Audubon’s Geoff LeBaron Speaks Before the Parliament of Canada’s Committee on Science and Research
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A group of community scientists participating in the Christmas Bird Count. Photo: Evan Barrientos.
On February 7, 2023, Geoff LeBaron, Audubon’s Christmas Bird Count director, testified in front of Canadian Parliament, specifically their Committee on Science and Research. The committee is currently studying the importance and contributions of “citizen” science (also referred to as community science). They are interested in learning the value of these types of programs in all fields of study in order to better understand nature in Canada. Geoff shared the history and importance of the Christmas Bird Count, as well as how frequently the Count and other community science programs are used for conservation research–a significant contribution from the public and non-governmental organizations to fulfill a major environmental monitoring need.
“Community Science is an important part of how Audubon and other conservation organizations collect data. For example, tens of thousands of volunteers throughout the Americas brave snow, wind, or rain to take part in the Christmas Bird Count each year. The data collected is then used to assess the health of bird populations throughout the hemisphere and helps to guide conservation action,” explains Geoff, who has been heading up the Christmas Bird Count since 1987.
The Christmas Bird Count is in its 123rd year, making it North America’s longest-running community science bird project. And since its inception in 1900, the program has grown tremendously. Today, volunteers participate in thousands of counts in all 50 US states, in all Canadian provinces, several Central and South American countries, and several Pacific and Caribbean islands. In a predetermined window from mid-December to early January, these groups of volunteers select a day to conduct a count. They often divide into teams and carefully count the numbers of birds of each species that they identify within the boundaries of a carefully prescribed 15-mile diameter circle. They then submit their findings back to Audubon, or in Canada, to partners Birds Canada. The data collected by Christmas Bird Count participants over the years have provided a wealth of information allowing researchers to publish hundreds of peer-reviewed papers on the ecology, conservation status, and population trends of early winter bird populations across North America and throughout the hemisphere.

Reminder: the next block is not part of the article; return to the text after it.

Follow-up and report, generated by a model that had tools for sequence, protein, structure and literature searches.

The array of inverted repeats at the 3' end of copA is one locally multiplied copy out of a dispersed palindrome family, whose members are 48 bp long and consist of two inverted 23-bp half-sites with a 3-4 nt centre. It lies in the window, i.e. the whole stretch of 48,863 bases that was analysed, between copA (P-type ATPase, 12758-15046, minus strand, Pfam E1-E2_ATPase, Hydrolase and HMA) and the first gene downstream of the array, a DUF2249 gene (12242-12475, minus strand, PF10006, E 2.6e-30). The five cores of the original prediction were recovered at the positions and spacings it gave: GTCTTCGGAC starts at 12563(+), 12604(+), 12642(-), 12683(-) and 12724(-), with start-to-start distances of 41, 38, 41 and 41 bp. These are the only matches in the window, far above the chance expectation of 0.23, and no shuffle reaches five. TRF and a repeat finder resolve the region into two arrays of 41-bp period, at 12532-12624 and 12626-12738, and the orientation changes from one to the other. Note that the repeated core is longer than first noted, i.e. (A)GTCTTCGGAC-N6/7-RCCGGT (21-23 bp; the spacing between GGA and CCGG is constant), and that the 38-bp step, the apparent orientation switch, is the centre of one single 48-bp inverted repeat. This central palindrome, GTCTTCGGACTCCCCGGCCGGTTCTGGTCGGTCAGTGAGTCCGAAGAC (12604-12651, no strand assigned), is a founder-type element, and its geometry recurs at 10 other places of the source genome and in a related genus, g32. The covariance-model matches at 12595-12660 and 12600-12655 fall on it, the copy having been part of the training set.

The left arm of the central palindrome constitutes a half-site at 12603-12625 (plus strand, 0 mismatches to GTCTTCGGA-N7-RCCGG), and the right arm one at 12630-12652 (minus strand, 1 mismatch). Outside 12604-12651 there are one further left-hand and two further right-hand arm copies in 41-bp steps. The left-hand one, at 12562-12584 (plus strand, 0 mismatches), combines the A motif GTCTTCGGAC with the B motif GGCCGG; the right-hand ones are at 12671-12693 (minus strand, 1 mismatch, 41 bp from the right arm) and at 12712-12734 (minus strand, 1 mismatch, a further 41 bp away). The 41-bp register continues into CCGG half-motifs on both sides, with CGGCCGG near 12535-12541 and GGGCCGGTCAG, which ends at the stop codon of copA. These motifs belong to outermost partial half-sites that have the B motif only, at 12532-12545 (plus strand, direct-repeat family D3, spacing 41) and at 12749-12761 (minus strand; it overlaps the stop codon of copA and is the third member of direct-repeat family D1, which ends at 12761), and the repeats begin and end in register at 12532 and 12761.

“I was honored to be invited to speak to the Parliament of Canada about Audubon’s Christmas Bird Count and its importance to our understanding of the status and trends of birds in North America, as well as to the acceptance of “citizen” science data sets by the scientific community,” said Geoff. “Members (of the committee) were especially pleased to hear about the incredible contributions of all participants, and that Christmas Bird Count data are freely available for use in conservation research.”
You can listen to the entire hearing, including Geoff’s testimony here.